Now at this stage I will have to assume that you have a basic knowledge of options and the language of options – currency options trading is very similar, and if you are a little rusty, or simply new to options, then please visit my options site which I hope will make everything clear. You can find the link in the sidebar to the left. So, let’s start trading some vanilla currency options.

Now before we start, let me just clarify the terms long and short, as in the options world they mean slightly different things – when I say long I mean buying an option, and short is selling an option ( I hope that’s clear!) Remember also that calls go up in value as the underlying asset increases in value, and puts go up in value as the underlying asset decreases in value. So let’s start by comparing the spot fx market with a trade using a vanilla currency option.

  • Spot FX Market
  • Bullish On A Currency Pair
  • Buy in the spot market
  • Vanilla Currency Option
  • Bullish On A Currency Pair
  • Buy a call option

So, our first trade is very simple – we are bullish on the pair, and in the spot market we simply enter a buy order, and place a stop loss on the trade. The alternative in the options markets is to buy a call option with perhaps a one month expiry, and with a strike price in the area we feel is realistic for the period of the trade, perhaps 200 pips. Now as you may recall when you buy an options contract you have the right, but not the obligation, to exercise the contract – in other words your maximum risk is what you paid in premium for the option. Likewise in the spot market, your maximum risk is the stop loss. Now for arguments sake, let’s say the premium of the option and the stop loss had the same value – say $50.

The option is valid for a month and the market can whipsaw around with no effect on your position. In the spot market, your stop loss could be taken out in days, or even hours – do you repeat the trade and perhaps get stopped out a second, or even a third time, only to find in four weeks time that you were actually correct in your initial analysis of the direction.  So in buying the call, we have managed to avoid the problems of whipsaw in the market. Now clearly, it’s not as easy as that, as we have to worry about the time element of the option eroding more quickly as the option reaches expiry, along with various volatility issues, but the principle is very simple – using a currency call option, we have constructed a trade with a known risk, which requires no stop loss orders, and overcomes whipsaw. The same trade can be executed if we are bearish on the currency pair:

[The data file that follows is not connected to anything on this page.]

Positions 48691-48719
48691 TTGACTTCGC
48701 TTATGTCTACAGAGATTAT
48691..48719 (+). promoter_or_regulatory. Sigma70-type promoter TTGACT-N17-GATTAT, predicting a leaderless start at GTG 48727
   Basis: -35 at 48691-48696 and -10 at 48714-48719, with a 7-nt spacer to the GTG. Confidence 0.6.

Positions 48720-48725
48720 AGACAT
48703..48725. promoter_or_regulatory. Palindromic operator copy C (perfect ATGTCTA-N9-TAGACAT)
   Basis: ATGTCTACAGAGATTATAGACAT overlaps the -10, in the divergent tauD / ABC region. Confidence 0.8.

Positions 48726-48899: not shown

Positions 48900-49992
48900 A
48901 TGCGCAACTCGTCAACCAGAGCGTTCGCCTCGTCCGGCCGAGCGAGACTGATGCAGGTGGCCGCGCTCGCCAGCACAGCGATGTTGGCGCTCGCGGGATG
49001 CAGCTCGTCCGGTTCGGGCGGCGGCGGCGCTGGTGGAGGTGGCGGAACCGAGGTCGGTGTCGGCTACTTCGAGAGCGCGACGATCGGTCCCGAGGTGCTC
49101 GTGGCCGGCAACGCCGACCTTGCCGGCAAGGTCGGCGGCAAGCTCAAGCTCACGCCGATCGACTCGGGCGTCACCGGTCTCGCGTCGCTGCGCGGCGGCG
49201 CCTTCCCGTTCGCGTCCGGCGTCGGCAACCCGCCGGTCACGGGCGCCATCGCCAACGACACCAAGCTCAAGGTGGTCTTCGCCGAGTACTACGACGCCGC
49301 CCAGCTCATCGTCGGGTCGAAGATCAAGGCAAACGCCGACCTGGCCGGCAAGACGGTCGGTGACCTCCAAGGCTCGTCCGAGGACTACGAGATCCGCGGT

• Spot FX Market
  • Bearish On A Currency Pair
  • Sell in the spot market
  • Vanilla Currency Option
  • Bearish On A Currency Pair
  • Buy a put option

In this case we simply replicate our spot fx trade by buying a put option. As the currency falls, the put option will increase in value as the agreed strike price is now above the underlying market price allowing us to exercise ( if we choose ) or sell the contract, which is now ‘in the money’ and therefore has intrinsic value.

OK – we’ve looked at a very simple strategy for using an option, instead of a spot market trade, when we are bullish or bearish in the market. Now what can we do if the market is neutral and simply moving sideways, but we think that the pair will take off soon, but we don’t know which way? – well, in the spot fx market the answer is very little, but in the options market we can construct a simple trade called a straddle. The strategy we are going to construct is the long straddle.

  • Spot FX Market
  • Currency pair neutral with likely volatility shortly
  • Wait and see which way the market moves
  • Vanilla Currency Option
  • Currency pair neutral with likely volatility shortly
  • Buy a put option and call option , at the money, and with same expiry and strike price.

Now here we have bought a long put and long call, so our maximum risk on the trade is the cost of the two premiums. For the strategy to be successful we need volatility in the market to move the pair significantly one way or the other with one of our options in profit, which then outweighs the cost of the options. Remember also that during the course of the trade, should the anticipated volatility not arrive, then we can always sell our options back to the market to reduce our loss on the trade. This is one of many strategies that we can use, all of which are based on those found in traditional options trading methods such as the strangle and the collar etc. I hope from the above, that you can start to get a feel for trading using currency options, but let me make the point now – I am not advocating that you should abandon the fx spot market and only trade options – far from it – they are an excellent instrument which should be used in conjunction with the spot market which is what we will look at next – hedging our positions using an option.